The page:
Has the alumni network helped you find internships or jobs?
We have Handshake, [an online portal for internships and jobs]. My internship right now has been funded through an alum that’s how I got it. I don’t know if there is a good general alumni network, but within different groups, there are other alumni groups. My sorority Facebook page has job postings, and I know the law and business fraternities on campus have extensive alumni networks.

Have you used the career office? How helpful were they?
I used it earlier in my college career when I was a pre-med student. They were helpful in the sense of these are the types of internships you should be looking for. I don’t know if they would be the most helpful in helping you actually get an internship.

Advice for Prospective Freshmen

What is something you wish you knew about UChicago before entering as a freshman?
It’s super okay to change your mind. I had a huge existential crisis over the fact that I didn’t know if I wanted to be a pre-med student. It took a friend talking to me to make me realize that it’s okay to not know what you want to do with the rest of your life.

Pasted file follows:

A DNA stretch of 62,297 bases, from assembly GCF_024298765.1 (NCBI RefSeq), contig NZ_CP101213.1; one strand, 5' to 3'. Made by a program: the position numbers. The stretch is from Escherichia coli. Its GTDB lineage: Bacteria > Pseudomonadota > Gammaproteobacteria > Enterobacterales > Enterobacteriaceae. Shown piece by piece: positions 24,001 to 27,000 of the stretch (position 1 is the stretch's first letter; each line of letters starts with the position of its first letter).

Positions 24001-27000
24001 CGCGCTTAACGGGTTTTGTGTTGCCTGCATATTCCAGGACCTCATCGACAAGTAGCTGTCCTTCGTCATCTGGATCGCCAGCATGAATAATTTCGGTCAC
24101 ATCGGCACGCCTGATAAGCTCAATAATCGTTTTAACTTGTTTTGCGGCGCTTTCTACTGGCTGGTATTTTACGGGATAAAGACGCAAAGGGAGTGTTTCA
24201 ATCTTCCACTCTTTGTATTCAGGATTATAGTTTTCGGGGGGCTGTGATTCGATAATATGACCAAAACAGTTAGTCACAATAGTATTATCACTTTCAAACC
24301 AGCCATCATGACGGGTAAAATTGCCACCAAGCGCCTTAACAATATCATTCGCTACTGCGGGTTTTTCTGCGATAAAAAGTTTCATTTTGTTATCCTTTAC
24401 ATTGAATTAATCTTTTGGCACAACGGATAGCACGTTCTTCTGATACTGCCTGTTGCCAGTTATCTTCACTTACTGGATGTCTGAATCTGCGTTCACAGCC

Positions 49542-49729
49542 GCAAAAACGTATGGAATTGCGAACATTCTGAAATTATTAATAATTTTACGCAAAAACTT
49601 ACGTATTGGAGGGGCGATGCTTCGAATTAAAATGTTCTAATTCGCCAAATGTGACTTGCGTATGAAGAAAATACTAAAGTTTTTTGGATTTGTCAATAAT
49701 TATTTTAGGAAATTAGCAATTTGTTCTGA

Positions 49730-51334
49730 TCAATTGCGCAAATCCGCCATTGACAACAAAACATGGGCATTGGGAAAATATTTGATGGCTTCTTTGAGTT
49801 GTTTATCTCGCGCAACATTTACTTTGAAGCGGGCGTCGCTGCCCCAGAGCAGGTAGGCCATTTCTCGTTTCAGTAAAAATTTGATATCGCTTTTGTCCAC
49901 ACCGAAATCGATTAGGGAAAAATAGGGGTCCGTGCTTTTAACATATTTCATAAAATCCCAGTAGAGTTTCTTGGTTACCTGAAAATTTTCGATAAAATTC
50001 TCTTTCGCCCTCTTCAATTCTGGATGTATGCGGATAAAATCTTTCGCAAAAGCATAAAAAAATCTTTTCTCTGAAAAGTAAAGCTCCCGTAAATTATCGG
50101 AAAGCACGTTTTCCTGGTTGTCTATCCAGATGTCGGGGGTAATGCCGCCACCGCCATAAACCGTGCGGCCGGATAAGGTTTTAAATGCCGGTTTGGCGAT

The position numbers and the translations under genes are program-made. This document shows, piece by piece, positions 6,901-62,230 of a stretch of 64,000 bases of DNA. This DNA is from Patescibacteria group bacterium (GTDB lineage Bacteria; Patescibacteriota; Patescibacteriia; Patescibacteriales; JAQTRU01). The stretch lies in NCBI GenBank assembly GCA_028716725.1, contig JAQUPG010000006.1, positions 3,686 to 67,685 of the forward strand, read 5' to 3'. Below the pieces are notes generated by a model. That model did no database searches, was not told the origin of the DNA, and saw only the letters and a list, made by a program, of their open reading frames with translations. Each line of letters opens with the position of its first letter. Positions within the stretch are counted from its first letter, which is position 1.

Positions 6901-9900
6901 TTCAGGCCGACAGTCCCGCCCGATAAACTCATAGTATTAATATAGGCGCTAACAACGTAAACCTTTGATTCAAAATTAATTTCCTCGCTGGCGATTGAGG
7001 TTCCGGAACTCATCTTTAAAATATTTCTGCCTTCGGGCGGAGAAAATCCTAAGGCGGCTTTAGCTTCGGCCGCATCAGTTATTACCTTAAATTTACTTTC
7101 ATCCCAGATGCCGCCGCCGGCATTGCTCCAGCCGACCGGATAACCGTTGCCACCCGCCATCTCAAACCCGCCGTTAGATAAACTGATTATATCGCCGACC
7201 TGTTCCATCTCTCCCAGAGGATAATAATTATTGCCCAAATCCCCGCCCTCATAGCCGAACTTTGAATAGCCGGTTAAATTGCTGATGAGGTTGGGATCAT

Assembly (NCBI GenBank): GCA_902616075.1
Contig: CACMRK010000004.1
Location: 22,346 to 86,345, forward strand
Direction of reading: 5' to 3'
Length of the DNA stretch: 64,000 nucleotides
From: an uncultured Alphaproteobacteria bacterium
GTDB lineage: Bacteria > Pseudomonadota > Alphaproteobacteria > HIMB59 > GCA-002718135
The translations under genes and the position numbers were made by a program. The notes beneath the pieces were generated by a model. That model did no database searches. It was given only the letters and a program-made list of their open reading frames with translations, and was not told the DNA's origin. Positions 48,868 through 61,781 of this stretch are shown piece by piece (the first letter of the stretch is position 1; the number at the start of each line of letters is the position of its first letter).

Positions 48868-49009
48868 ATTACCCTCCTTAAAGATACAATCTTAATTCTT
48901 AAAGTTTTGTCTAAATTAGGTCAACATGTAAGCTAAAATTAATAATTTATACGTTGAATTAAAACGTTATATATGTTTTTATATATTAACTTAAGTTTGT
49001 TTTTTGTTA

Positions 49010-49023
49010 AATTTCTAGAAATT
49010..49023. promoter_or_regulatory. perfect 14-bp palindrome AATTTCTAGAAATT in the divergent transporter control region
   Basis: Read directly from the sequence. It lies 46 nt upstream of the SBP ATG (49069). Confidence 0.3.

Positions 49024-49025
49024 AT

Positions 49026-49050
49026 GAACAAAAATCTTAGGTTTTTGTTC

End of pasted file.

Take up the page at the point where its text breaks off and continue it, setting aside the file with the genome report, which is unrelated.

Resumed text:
Then also to use your resources and don’t be afraid to ask for help. Don’t be afraid to message your teachers randomly to meet for coffee or something. I messaged the head of the Public Policy school to get coffee and she was a really helpful resource and is how I got into one of my classes.

What is something a prospective student may miss on a visit that’s worth checking out?
There’s a really cute botany pond that’s picturesque that they don’t talk about. It’s really beautiful to have picnics at or run to.

Reasons to attend UChicago:
1) To push yourself. For me, it’s really hard to grapple with the fact that I’m not always going to get all A’s. Any grade I get I work exceptionally hard for so it means more to me even when I get that B+.
2) To meet new people who come from diverse backgrounds. There is not the most racial diversity in Greek life, but there is diversity in other ways. I know people who have lived all around the world. I have on close friend who came from Belgium and didn’t know much English when she got here. If you give people a chance, they are much more exceptional than you think they are.
3) The UChicago name carries weight. In terms of grad school or job applications, I’m starting to realize how much weight it carries.

Reasons to not attend UChicago:
1) If you’re someone who doesn’t like to do work. I don’t know anybody who has not said, “I’m not going out tonight to do work.” It definitely breaks you down before it builds you up.
2) If you’re looking to be an engineer I wouldn’t come because we don’t have an engineering department.
3) For somebody who’s pre-med, you’re not going to have a perfect GPA. Accept that you will have a lower GPA than you expect when you graduate when you compare to the national average. Medical schools consider that you go to UChicago. It can be really frustrating to work your butt off and still not the grade that you want. If you care more about the grade than what you learned, don’t come.